I’ve been thinking a lot the past few weeks about mental frames, ever since reading Greg Hamblin’s post about John Dehlin. The more I study about Joseph Smith and the Book of Mormon, the more clearly I see that there’s persuasive evidence on both sides, each convincing enough that evidential analysis alone results in a draw. It thus becomes a matter of faith: I must make a decision, entering a mental frame of either belief or doubt.
If I choose doubt, I decide that the positive evidences must be wrong or misinterpreted; if I choose belief, I decide that the negative evidences must be likewise wrong or misinterpreted.
I hope it’s obvious that I’ve chosen belief. There are many things I don’t understand about church history or the gospel, but I’ve chosen to believe, and so the positive evidences — the goodness I see in the doctrines of the Church and the lives of its members, the brilliant testimony of Christ in the Book of Mormon, the way I feel when I try to follow the Mormon path to discipleship — now outweigh and overwhelm the negative evidences. When I occasionally come across those negative evidences, I remind myself that I’ve made the choice to believe, and the confusing darkness then fades away and I can see clearly again.
I know that it’s not this way for everyone, and that choosing belief often comes hard. Life is messy. But while there are many grey areas and complicating factors, some things do in fact have simple yes/no answers. Joseph Smith was a prophet of God, or he was not. He may or may not have acted the way we expect a prophet of God to act, but that doesn’t change the truth that it has to be one or the other. Joseph cannot be a prophet of God while not being a prophet of God at the same time.
Same with the Book of Mormon — either it’s of God and is what it says it is, or it’s not. Historical/literary/anthropological/etc. evidence on either side can’t change that.
And so I continue to believe, partly because I’ve felt the Spirit tell me in my bones that this is real and good and true, partly because I can easily see the good fruits of the gospel, and partly because belief is the path I’ve chosen to commit to.
I’m currently serving as elders quorum president in my ward, which means home teaching changes every couple months or so. I’ve been bad about printing out slips because it took too long to make them (I don’t really like the default MLS style, so I was doing it by hand in Excel), but I finally buckled down and wrote a PlotDevice script that takes the assignments in easy-to-write YAML and outputs PDFs, one page per file (because I haven’t been able to get it to output to just a single PDF).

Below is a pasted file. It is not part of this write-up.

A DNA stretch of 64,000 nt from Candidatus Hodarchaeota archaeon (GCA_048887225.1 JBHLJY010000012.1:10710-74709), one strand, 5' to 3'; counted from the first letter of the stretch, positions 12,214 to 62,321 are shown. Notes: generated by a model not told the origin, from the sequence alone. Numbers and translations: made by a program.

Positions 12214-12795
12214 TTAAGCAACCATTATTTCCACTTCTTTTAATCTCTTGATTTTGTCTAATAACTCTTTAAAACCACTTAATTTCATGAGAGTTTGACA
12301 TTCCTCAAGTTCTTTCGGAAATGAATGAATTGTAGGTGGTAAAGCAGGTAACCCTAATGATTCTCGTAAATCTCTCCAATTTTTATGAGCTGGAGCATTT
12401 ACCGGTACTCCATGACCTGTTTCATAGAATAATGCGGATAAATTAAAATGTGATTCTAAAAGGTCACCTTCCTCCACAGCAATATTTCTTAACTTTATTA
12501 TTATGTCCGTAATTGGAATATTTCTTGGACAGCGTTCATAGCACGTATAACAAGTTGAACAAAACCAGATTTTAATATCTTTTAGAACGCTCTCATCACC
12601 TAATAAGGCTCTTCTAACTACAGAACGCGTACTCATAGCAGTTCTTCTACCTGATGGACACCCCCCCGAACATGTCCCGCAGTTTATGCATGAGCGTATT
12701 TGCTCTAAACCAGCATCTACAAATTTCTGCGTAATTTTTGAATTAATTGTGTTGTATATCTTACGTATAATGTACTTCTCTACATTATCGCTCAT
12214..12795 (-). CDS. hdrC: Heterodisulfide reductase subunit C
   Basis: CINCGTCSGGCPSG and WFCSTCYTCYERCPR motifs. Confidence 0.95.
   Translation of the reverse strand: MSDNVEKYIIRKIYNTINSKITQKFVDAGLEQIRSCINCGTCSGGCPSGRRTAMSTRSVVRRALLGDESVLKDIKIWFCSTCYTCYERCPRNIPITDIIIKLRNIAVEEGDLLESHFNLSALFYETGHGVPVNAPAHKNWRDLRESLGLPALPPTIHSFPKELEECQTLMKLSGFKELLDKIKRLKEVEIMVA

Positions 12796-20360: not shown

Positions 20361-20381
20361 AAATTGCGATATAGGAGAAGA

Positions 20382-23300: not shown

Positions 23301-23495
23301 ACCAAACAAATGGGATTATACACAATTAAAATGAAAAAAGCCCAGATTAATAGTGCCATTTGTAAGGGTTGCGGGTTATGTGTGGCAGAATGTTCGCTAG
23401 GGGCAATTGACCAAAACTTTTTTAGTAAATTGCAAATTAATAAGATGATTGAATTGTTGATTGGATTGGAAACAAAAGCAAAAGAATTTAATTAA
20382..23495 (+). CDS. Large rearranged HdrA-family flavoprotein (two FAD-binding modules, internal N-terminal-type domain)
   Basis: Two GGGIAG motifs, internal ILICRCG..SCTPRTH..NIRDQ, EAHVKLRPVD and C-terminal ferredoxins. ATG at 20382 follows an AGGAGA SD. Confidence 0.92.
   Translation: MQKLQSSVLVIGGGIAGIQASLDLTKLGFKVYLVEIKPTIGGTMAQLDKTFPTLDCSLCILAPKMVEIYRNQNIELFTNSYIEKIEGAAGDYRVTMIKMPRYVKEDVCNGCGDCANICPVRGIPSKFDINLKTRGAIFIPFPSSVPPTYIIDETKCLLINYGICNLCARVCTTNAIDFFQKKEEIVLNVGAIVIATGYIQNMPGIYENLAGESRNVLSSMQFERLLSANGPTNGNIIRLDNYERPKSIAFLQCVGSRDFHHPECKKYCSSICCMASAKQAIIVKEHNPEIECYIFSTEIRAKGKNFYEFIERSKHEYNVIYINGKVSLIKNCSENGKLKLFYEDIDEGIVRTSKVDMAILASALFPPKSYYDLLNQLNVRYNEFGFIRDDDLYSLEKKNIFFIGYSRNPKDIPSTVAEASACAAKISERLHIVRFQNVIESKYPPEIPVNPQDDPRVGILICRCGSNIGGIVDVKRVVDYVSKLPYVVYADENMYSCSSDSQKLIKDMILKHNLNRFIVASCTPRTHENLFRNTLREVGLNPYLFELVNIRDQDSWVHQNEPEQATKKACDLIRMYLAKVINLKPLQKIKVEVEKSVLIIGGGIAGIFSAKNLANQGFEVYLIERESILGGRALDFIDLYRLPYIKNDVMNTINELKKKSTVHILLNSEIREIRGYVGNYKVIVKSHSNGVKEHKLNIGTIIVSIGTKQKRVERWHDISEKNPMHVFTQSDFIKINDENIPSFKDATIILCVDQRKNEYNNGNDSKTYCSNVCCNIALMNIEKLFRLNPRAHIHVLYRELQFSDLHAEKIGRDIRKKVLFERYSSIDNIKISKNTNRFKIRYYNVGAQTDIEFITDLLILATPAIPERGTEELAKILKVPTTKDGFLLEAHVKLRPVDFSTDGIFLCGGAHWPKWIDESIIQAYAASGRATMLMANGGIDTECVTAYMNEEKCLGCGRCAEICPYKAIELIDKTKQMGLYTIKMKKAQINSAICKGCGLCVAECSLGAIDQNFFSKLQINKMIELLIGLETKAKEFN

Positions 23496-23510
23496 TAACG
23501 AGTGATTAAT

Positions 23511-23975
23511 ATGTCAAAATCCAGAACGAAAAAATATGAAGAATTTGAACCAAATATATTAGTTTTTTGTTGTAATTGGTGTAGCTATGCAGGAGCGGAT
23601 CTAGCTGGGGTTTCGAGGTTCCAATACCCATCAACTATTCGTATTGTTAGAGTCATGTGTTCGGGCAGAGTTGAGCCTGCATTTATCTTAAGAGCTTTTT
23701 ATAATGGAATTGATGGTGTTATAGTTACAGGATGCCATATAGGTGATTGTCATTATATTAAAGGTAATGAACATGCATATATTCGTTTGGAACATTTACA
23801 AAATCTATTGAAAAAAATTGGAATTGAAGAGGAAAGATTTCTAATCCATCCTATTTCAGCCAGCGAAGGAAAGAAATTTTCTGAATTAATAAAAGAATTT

Here’s what it looks like, with dummy data:
The code is on GitHub. The code is somewhat messy right now, but it works.
In the last post he talks about the NSYR’s concept of Moralistic Therapeutic Deism, which he explains in more detail, but this gets the basic idea across (and the quote here is from Smith and Denton’s Soul Searching, cited in Gee’s original post):
[Moralistic Therapeutic Deism] is “about providing therapeutic benefits to its adherents. This is not a religion of repentance from sin, of keeping the Sabbath, of living as a servant of a sovereign divine, of steadfastly saying one’s prayers, … etc. Rather, what appears to be the actual dominant religion among U.S. teenagers is centrally about feeling good, happy, secure, at peace. It is about attaining subjective well-being, being able to resolve problems, and getting along amiably with other people.”
Yes, men are that they might have joy, and the gospel is certainly meant to be a source of comfort to us, and all those things listed are in fact good. But this weak and watered-down philosophy misses out on the way we actually get those good things — by sacrificing, by repenting, by doing everything God asks us to do, even and especially when it’s difficult or embarrassing or unpopular or boring.
I’m reminded of this quote from C. S. Lewis’s Mere Christianity (at the end of Book I, chapter 5):
If you look for truth, you may find comfort in the end; if you look for comfort you will not get either comfort or truth, only soft soap and wishful thinking to begin, and in the end, despair.
After a ten-year break, I’ve started writing music again. The new piece is called “One Quiet Night” and is a song about Christ that I wrote for a family Christmas party (I played piano, my wife played viola, and two of my wife’s siblings sang). At some point I’m hoping to record it, but until then, the sheet music will have to do. (It’s available in PDF, and the MusicXML is also available.)